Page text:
CNMI ditching Chinese travelers in favor of military tourists
By Bryan Manabat
Saipan— Paradise destination. Military buildup. Tourism. Geopolitics. In this new era of the cold war, these concepts are all connected, driving local policy decisions, if not raising concerns in the community.
In the CNMI, Gov. Arnold I. Palacios has expressed his administration’s intention to ditch the Chinese tourism market, citing the growing geopolitical tension between Washington and Beijing.
In a March 15 letter to Adm. John Aquilino, commander of the U.S. Indo-Pacific Command, Palacios said the CNMI “is very much committed to U.S. national interests in our region and will do what we can to advance these interests as geopolitical tensions continue to heighten.”
Palacios said the CNMI will "pivot away from its reliance on the Chinese tourism market, which comprised more than 50 percent of our tourism base, or about 200,000 visitors (pre-pandemic)."
The China market has been the CNMI tourism industry’s bread and butter. Prior to the global Covid-19 pandemic, China was the CNMI’s second largest source market next to South Korea. The CNMI-only visa waiver program allows tourists from China, including Hong Kong, to visit the commonwealth for 14 days without a U.S. visa.
In 2019, arrivals from China totaled more than 180,000. In 2020, it dropped to 18,550, and below 200 in 2021 and 2022.
Palacios said the decline in Chinese arrivals has had a considerable adverse economic and financial impact on the commonwealth’s revenue. "This loss, which represents a sizable portion of the CNMI's tourism revenue, contributes to vulnerable economic conditions that in the past have been exploited by the Chinese Communist Party to the detriment of the United States' interests in the region,” he said.
In anticipation of the shortfall, the governor sought funding support from the Department of Defense. “We are formally seeking your advocacy for additional funding support to stabilize our economy as you testify before the U.S. Congress about the Department of Defense's budget,” Palacios wrote.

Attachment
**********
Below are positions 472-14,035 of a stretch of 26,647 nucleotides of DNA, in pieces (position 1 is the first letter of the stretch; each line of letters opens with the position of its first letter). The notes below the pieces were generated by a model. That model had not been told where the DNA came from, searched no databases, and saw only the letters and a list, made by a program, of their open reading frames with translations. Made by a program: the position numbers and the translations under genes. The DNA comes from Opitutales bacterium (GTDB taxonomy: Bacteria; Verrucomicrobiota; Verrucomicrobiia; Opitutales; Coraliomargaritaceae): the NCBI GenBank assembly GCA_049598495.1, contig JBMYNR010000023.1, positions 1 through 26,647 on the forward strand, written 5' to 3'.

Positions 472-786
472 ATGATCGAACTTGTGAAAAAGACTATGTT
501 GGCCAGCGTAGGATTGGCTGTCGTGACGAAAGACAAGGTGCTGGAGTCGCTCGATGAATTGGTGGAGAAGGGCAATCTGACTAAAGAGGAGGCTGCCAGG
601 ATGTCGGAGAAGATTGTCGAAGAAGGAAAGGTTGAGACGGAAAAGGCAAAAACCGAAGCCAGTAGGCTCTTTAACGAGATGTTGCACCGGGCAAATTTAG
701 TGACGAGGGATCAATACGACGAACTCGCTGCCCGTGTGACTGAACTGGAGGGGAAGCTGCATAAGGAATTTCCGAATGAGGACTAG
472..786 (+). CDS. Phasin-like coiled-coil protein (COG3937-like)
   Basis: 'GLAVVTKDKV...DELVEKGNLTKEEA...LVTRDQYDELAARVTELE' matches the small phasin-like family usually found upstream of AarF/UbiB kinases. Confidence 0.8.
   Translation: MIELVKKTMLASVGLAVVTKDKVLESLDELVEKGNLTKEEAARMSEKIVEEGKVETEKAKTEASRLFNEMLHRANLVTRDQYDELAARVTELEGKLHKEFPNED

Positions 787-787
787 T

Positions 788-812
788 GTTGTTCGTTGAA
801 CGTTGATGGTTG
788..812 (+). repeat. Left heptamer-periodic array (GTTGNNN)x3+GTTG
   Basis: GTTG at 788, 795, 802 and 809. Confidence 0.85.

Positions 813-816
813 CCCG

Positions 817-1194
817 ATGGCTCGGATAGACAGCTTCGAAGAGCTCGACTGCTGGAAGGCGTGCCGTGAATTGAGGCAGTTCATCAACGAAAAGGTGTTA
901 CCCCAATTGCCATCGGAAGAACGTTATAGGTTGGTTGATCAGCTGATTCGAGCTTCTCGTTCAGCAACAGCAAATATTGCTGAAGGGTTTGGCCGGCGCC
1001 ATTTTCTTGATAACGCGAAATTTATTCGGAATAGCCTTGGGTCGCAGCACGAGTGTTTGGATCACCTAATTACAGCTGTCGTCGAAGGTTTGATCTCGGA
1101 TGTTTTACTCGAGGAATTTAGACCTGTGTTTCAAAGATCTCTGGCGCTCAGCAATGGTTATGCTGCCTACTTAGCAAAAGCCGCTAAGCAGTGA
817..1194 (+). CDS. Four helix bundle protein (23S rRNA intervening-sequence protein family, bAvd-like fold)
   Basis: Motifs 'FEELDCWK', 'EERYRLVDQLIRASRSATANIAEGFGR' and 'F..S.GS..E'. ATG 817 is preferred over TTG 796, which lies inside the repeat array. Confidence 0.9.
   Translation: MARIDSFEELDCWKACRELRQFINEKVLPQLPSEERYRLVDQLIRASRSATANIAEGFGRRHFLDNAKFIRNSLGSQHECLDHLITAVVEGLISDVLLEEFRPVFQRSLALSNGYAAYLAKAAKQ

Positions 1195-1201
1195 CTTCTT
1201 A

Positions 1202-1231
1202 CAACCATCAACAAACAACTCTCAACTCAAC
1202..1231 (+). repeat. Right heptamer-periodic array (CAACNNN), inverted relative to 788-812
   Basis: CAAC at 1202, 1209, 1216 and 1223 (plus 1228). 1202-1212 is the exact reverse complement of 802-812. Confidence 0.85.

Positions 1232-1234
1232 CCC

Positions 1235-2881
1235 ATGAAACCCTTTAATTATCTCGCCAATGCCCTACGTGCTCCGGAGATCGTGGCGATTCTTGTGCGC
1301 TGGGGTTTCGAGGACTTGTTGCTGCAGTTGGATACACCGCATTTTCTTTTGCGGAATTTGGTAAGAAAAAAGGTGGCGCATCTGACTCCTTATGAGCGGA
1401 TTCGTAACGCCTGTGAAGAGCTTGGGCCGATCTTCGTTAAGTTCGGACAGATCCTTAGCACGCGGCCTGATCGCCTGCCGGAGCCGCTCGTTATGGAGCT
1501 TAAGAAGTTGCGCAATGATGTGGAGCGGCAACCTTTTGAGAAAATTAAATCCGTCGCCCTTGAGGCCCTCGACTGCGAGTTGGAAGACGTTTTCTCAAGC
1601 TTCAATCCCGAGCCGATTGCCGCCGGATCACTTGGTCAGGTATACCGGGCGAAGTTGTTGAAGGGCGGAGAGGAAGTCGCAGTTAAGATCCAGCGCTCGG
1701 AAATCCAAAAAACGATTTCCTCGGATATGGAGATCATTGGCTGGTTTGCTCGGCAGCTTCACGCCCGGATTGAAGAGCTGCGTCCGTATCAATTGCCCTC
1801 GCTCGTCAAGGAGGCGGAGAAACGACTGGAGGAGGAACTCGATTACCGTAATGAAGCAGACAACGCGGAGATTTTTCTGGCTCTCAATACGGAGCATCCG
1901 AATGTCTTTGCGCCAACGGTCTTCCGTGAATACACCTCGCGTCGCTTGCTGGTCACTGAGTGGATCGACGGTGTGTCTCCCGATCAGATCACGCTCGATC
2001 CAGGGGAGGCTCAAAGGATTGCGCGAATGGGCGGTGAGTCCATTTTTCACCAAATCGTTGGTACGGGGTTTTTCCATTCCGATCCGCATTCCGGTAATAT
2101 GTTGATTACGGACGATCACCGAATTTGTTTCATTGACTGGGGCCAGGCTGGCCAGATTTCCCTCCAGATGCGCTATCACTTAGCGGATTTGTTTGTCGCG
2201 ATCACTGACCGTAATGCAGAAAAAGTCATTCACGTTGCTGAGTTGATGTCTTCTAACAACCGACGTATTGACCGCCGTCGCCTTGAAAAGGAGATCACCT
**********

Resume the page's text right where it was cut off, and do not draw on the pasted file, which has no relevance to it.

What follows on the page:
“Specifically, we request your support in seeking direct aid to replace the economic loss that we have experienced as a result of the CNMI's pivot away from China.”
Palacios said the CNMI is now working to strengthen and further develop the tourism pipeline from American allies, including Japan and South Korea, while the Marianas Visitors Authority seeks opportunities in other markets.
In general, local residents are in favor of military buildup and more federal spending in the CNMI.
The Commonwealth Bureau of Military Affairs, in collaboration with the Saipan Chamber of Commerce and the MVA, is now developing tour packages marketing CNMI as a "military destination."
The Chamber invited the NMI business community to a presentation by the Joint Region Marianas-Morale Welfare Recreation as they shared information on how businesses can promote and gain exposure within the military market.
But not everyone is embracing the idea of a "CNMI military getaway."
Ignacio Dela Cruz, an educator, is unhappy with the governor’s new posture and questioned whether the administration considered the ramifications and negative impact of a “militarized” CNMI on the environment, infrastructure, and society at large.
Dela Cruz is against putting the civilian population in the back seat for the military and cited the sister territory, Guam, as an example. "Guam has had military installations for many years, but they have hardships too. So, it does not mean the military industry will be the answer to our economic woes," Dela Cruz said.
“As CNMI residents. it is our right and duty to speak up about things of grave concern to us. Our leaders need to think very hard about us, their constituents, before inking any deals or committing themselves, committing the CNMI to the hands of the military,” he added.
As far as he is concerned, Dela Cruz said “the military is taking full advantage of our economic hardships. By throwing money in our faces, the military is now telling the CNMI to get on the stage and dance for money. I hate to make this comparison but, for the lack of a better comparative point, this is how I see it.”
Joe Guerrero, chamber president, said the vision is not to replace tourism with military industry. "Economic activity in the CNMI has started already, for what we understand there are more plans for military spending,” he said. “We hope the U.S. military pushes through with it. All of these are great news for businesses in the CNMI because this is one of the ways, which have talked about for many years, to diversify our economy. We are looking forward to that."
Danny Aquino, the governor’s special assistant for military affairs, said the administration would welcome more military exercises and offer MWR or staycation packages for service members and their families."
Aquino encourages businesses in Saipan, Tinian, and Rota to register and get a System for Award Management number. "The military prioritizes businesses with SAM numbers," Aquino said. "We have an Innovative Readiness Training or IRT training coming up from July 9 to 22. Now is a perfect opportunity for businesses to start registering, to start being prepared for more military personnel coming to the CNMI for training."
On Tinian, the $162 million divert airfield construction project is slowly progressing and the population of military personnel on island is noticeably growing.